FTSE 100: 7682.27 ▲ 125.83 (1.67%)
Housebuilders struggled, making up four of the 10 biggest FTSE 100 fallers, after what one analyst called ‘miserable’ half-year results from Crest Nicholson (CRST) and subdued house price data.
The UK’s main stock market index shed 13 points, or 0.1%, to 7,723 and the FTSE All-Share benchmark dipped seven points, or 0.1%, to 4,258.
Crest, a FTSE 250-listed housebuilder, dropped 6% to 420p with Accendo Markets analyst Artjom Hatsaturjants blaming increased costs for ‘devouring pre-tax profits’ and knocking margins.
‘With the company unable to significantly upgrade its pricing structure as the housing sector was being hit by Brexit uncertainties, there was precious little Crest Nicholson was able to achieve to offset rising cost pressure,’ he said.
Markets were left ‘unimpressed’ with the lack of cost control at Crest and a more general downturn in the UK housing market, with the latest Halifax house price data pointing to ongoing weak pricing.
Hatsaturjants added: ‘It is not clear if the outlook for the housebuilder will improve substantially’, and this spilt over into other housebuilders. Barratt Developments (BDEV) was the biggest faller, down 2.2% at 566p, followed by Berkeley Group (BKG), which dropped 2.1% to £42.12. Persimmon (PSN) fell 1.5% to £28.15 and Taylor Wimpey (TW) 1.4% off at 186p.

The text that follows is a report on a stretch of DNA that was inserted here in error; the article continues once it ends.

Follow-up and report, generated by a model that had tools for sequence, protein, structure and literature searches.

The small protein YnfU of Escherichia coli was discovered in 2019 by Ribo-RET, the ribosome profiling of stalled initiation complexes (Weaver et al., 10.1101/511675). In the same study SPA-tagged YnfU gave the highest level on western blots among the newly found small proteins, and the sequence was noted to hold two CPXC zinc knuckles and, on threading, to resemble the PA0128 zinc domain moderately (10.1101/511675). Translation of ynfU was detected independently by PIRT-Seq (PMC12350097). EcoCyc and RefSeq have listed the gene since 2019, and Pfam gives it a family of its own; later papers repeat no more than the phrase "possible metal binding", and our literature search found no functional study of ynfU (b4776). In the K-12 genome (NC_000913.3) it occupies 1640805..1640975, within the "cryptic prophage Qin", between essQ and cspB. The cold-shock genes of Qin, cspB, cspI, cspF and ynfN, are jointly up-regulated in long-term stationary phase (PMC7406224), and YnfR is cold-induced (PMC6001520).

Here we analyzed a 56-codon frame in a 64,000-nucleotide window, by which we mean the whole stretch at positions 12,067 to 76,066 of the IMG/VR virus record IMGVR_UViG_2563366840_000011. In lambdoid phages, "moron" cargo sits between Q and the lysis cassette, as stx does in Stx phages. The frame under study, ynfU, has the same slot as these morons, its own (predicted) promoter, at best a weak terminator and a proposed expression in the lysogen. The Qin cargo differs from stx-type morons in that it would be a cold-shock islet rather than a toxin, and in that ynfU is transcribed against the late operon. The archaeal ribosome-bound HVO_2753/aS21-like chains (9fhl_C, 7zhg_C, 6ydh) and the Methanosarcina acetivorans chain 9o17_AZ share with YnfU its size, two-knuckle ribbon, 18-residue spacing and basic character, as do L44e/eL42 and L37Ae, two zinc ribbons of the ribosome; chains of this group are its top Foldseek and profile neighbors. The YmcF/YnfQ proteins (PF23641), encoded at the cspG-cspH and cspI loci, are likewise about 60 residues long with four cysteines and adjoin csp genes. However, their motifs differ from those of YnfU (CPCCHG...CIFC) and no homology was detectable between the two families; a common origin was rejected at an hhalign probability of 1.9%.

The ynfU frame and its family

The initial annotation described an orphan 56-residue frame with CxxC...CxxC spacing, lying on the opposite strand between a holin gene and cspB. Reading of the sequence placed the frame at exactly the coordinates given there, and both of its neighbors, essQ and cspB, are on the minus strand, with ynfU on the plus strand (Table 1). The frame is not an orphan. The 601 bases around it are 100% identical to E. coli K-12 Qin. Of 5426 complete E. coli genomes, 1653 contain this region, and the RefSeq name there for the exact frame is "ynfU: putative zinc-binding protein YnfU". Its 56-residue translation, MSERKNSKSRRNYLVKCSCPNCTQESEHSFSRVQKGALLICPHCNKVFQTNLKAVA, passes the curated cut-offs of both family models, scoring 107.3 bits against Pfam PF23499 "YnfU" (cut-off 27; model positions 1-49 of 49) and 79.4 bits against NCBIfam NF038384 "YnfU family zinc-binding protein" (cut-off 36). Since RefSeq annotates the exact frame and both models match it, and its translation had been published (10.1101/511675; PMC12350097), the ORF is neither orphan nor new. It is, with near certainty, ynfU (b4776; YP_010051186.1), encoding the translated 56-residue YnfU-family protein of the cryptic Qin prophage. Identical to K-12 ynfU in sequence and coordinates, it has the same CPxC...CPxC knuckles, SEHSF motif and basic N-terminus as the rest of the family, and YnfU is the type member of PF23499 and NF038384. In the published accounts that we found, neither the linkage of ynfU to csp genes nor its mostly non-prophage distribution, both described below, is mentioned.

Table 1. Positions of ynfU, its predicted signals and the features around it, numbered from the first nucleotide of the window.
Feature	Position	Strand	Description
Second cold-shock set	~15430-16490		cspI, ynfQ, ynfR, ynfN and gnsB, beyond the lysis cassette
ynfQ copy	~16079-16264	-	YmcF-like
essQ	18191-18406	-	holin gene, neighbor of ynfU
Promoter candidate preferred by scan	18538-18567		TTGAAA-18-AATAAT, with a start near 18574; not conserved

The pound picked up at $1.3407 against the dollar after the Office of National Statistics said the number of unemployed in the UK fell by 38,000 to 1.42 million in the three months to April, a second month at a record employment rate of 75.6%.
Job creation still isn’t translating into higher wages however, with regular pay growth now actually weaker. Basic pay growth slowed to an annual 2.8% in the last quarter – down from 2.9% a month ago. Total pay growth, including bonuses, also slowed from 2.6% to 2.5%.
XTB analyst David Cheetham said employment data was ‘pretty solid overall’ despite wage growth missing consensus forecast.
‘The squeeze on real wages seems to be alleviating somewhat, as inflation has drifted back towards target after peaking near the back-end of last year and we’ll get the latest consumer price index release our tomorrow, which is expected to remain at 2.4%,’ he said.